The Buck Breaking Chronicles.rar
@Anri02 You did read the article right? He's not telling people to pirate at all, he's pointing out the very real issue that Nintendo's own ridiculous handling of retro is making it so that there's no option to play certain games except piracy, when they could just release many of those games and make a fat buck instead, yet refuse to do so.
The Buck Breaking Chronicles.rar
If there's no way to legally buy a game whatsoever I'm absolutely 100% fine with pirating. Some of my absolute favourite games have never been rereleased since their original release over 20 years ago, what else am I supposed to do? Terranigma's one of my favourite games ever made but a cartridge alone can go for over 100 bucks. The original developers/publishers wouldn't even get any money from second-hand sales so it's hardly stealing from them.
Of course, given the near-unanymous anti-piracy stance of the site's staff and userbase alike (@steventonysmith's comment in particular comes to mind, and the fact it's being taken seriously says a lot about our community), it comes to no one's surprise that this soapbox is "a tough one to write". Truth is, it's not tough as long as we're blunt about things.The message is clear from the headlines alone - Nintendo keeps walking on thin ice seemingly on purpose for the sake of sticking to a nearly-suicidal strategy based on thresholds.Think about it - Super Mario Maker itself, way less later than "the future" that was teased, only came to be after the Wii U started failing hard.Same goes for the Wii U's own Virtual Console - which started gobbling up handhelds (DS and, most aggravatingly, the GBA, which never happened on 3DS as a result) for the same reason.Meanwhile, we have the excellent ACA NeoGeo and Sega AGES lines which are Virtual Console(s) of their own, and the fact they even exist proves that yes, there is a demand which goes way farther than the "appetite" Reggie alluded to.In other words, the Online Service owes much of its current sales (mine included) to the fact the NES has deliberately kept away from the userbase until it was actually needed to sell something else.Which, given the vast majority of people keeping their gaming legal, is already a problem; now that Nintendo has started forcing their legal rights on ROM-sharing sites, it's becoming increasingly harder to side with Nintendo. Removing legal access to software is one thing, but going as far as removing all access to older games is another: it's not like my GameCube is going to work forever, after all, nor is yours and you know it.If memory serves, it was Valve's own Gabe Newell who backed up their "insane" discount-heavy strategy (itself a double-edged sword, I know it has its disadvantages) with the words "Piracy can't defeat legal downloads when they prove to be the better alternative" - indeed, when you can just cough up a few bucks for an AAA game on PC, why bother pirating it?I know you're going to go on a long-winded tirade deconstructing all my points in a later comment down the line, but face it: "why bother pirating" should be the de-facto implied tagline of Nintendo, and very much not in the "... because it's going to be bricked as soon as you even think about pirating" sense.Again: I have paid for the Online Service, and I feel I'm not getting much out of the family account I've paid for. And buyer's remorse should, again, not be something ever associated to the word Nintendo itself. But it is, and unless either SNES or a lot of NES games start rolling around before next E3, I might want to disable the automatic renewal of the service, and regardless of whatever your stance on piracy is, it's still a disheartening thing for me to say and I'm just as sad to state this out loud as you are while reading my words.We're getting Metroid this month, and then... what, exactly? Super Mario Bros. 2 and Kirby's Adventure will arrive in 2019, I guess. But regardless of the SNES controllers being among the datamined stuff in the Switch updates, the fact we still don't know jack is not a good thing. It's not like anyone is actually "holding out" and waiting for SNES being confirmed, anyway, not when doing so also prevents him/her from playing online.I'm not going to ask for a refund or anything, I still have good faith in Nintendo, but merely because I want to do so. Bears repeating - I'm giving Nintendo faith that I don't feel I should give. Not the most complimentary statement. But not feeling like getting my money's worth... it hurts.It hurts to see and to say that at least some of the piracy is a demon, figuratively speaking, that Nintendo themselves had a hand in creating; the fact that legality comes with extra restrictions, such as cloud save data not being supported by some games including titles that need it the most (Splatoon 2 and especially the upcoming "spinoffs that will never be officially known as such despite all evidence saying they are" Pokémon games, with Pokémon being itself a nasty piece of work what with the Pokémon Company incentivising cheating way more than they should) doesn't help matters at all.I wish I could completely side against piracy. I really do. But as of now, I can't really say Nintendo is entirely in the right. They have legal right, but on a moral standpoint, a legal alternative should always be given in order to make piracy inherently bad.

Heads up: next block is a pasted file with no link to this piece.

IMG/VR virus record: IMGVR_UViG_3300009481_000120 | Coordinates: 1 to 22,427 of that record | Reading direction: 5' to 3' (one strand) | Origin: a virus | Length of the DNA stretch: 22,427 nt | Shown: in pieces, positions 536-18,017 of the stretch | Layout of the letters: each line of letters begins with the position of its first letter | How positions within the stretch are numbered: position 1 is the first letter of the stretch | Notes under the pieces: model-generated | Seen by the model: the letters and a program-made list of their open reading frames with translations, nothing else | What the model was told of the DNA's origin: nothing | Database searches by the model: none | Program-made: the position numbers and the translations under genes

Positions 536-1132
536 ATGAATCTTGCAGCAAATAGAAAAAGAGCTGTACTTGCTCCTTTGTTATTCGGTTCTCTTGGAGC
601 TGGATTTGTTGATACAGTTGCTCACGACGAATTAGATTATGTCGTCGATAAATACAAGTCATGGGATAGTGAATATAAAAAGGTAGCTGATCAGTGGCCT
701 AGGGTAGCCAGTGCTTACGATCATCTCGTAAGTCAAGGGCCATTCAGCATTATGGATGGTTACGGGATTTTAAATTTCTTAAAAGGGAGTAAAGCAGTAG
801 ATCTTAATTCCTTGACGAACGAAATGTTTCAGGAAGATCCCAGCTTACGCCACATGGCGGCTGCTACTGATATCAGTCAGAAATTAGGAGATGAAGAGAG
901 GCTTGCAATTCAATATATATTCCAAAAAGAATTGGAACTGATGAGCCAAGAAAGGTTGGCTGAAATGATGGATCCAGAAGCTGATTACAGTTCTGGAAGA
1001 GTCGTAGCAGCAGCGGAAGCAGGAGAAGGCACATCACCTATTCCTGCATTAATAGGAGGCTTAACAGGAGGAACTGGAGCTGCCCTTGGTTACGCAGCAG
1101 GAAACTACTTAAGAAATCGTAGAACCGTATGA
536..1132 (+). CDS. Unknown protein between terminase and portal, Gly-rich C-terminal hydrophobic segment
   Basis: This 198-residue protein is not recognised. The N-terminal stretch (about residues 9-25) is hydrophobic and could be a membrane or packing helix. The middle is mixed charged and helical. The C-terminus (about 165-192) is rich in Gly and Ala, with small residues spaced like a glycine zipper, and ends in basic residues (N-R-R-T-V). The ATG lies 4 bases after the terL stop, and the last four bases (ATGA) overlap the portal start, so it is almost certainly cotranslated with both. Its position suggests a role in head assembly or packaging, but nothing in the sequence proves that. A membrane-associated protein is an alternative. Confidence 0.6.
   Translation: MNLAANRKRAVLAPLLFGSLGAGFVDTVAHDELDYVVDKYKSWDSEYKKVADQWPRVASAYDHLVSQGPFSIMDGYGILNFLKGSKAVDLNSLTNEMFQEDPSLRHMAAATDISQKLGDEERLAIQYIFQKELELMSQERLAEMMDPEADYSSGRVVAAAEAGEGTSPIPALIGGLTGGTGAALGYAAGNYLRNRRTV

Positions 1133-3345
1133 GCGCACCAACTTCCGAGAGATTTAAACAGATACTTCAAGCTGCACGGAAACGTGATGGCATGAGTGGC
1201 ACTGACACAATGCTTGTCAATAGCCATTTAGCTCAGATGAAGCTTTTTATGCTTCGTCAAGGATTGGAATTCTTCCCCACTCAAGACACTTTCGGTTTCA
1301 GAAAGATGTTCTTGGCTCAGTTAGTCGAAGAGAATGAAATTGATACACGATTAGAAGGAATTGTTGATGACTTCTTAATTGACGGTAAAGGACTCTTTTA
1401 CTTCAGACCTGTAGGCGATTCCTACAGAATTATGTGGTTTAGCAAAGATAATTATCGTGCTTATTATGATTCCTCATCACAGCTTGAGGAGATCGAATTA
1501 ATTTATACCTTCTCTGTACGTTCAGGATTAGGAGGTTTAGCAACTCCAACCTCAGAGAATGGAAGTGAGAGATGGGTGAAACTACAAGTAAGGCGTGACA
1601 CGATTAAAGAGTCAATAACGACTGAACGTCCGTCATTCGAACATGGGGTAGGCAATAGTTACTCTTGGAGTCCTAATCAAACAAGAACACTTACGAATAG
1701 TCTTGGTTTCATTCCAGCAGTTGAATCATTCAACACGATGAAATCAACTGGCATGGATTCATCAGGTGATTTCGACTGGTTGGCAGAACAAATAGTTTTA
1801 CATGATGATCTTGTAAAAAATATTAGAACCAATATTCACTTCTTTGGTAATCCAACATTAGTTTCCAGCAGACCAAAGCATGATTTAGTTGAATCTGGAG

In Inspiration Manifestation, Spike assists Rarity as she designs a puppet theater for the Foal and Filly Fair. She thanks Spike for his help, defining him as one of her dearest and most supportive friends and calling him her "favorite dragon". When Rarity's theater is met with harsh reception and she falls into a depression, Spike helps by finding a spell from a hidden spell book to bring Rarity's ideas to life. However, Rarity is corrupted by the spell, and Spike worries that telling her to stop will cost him her friendship. Spike soon tells Rarity the truth about her actions, breaking the spell, and Rarity tells Spike he should never be afraid of telling her the truth, and the two share a friendly hug.
KAMARIAN, S., BODAGHI, M., BARBAZ ISFAHANI, R., SHAKERI, M. and YAS, M.H., 2019.Influence of carbon nanotubes on thermal expansion coefficient and thermal buckling of polymer composite plates: experimental and numerical investigations. Mechanics Based Design of Structures and Machines. ISSN 1539-7734
NAKAGAWA, S., TAKEUCHI, H., TAKI, Y., NOUCHI, R., KOTOZAKI, Y., SHINADA, T., MARUYAMA, T., SEKIGUCHI, A., IIZUKA, K., YOKOYAMA, R., YAMAMOTO, Y., HANAWA, S., ARAKI, T., MAKOTO MIYAUCHI, C., MAGISTRO, D., SAKAKI, K., JEONG, H., SASAKI, Y. and KAWASHIMA, R., 2019.Mean diffusivity related to rule-breaking guilt: the Macbeth effect in the sensorimotor regions. Scientific Reports, 9: 12227. ISSN 2045-2322 041b061a72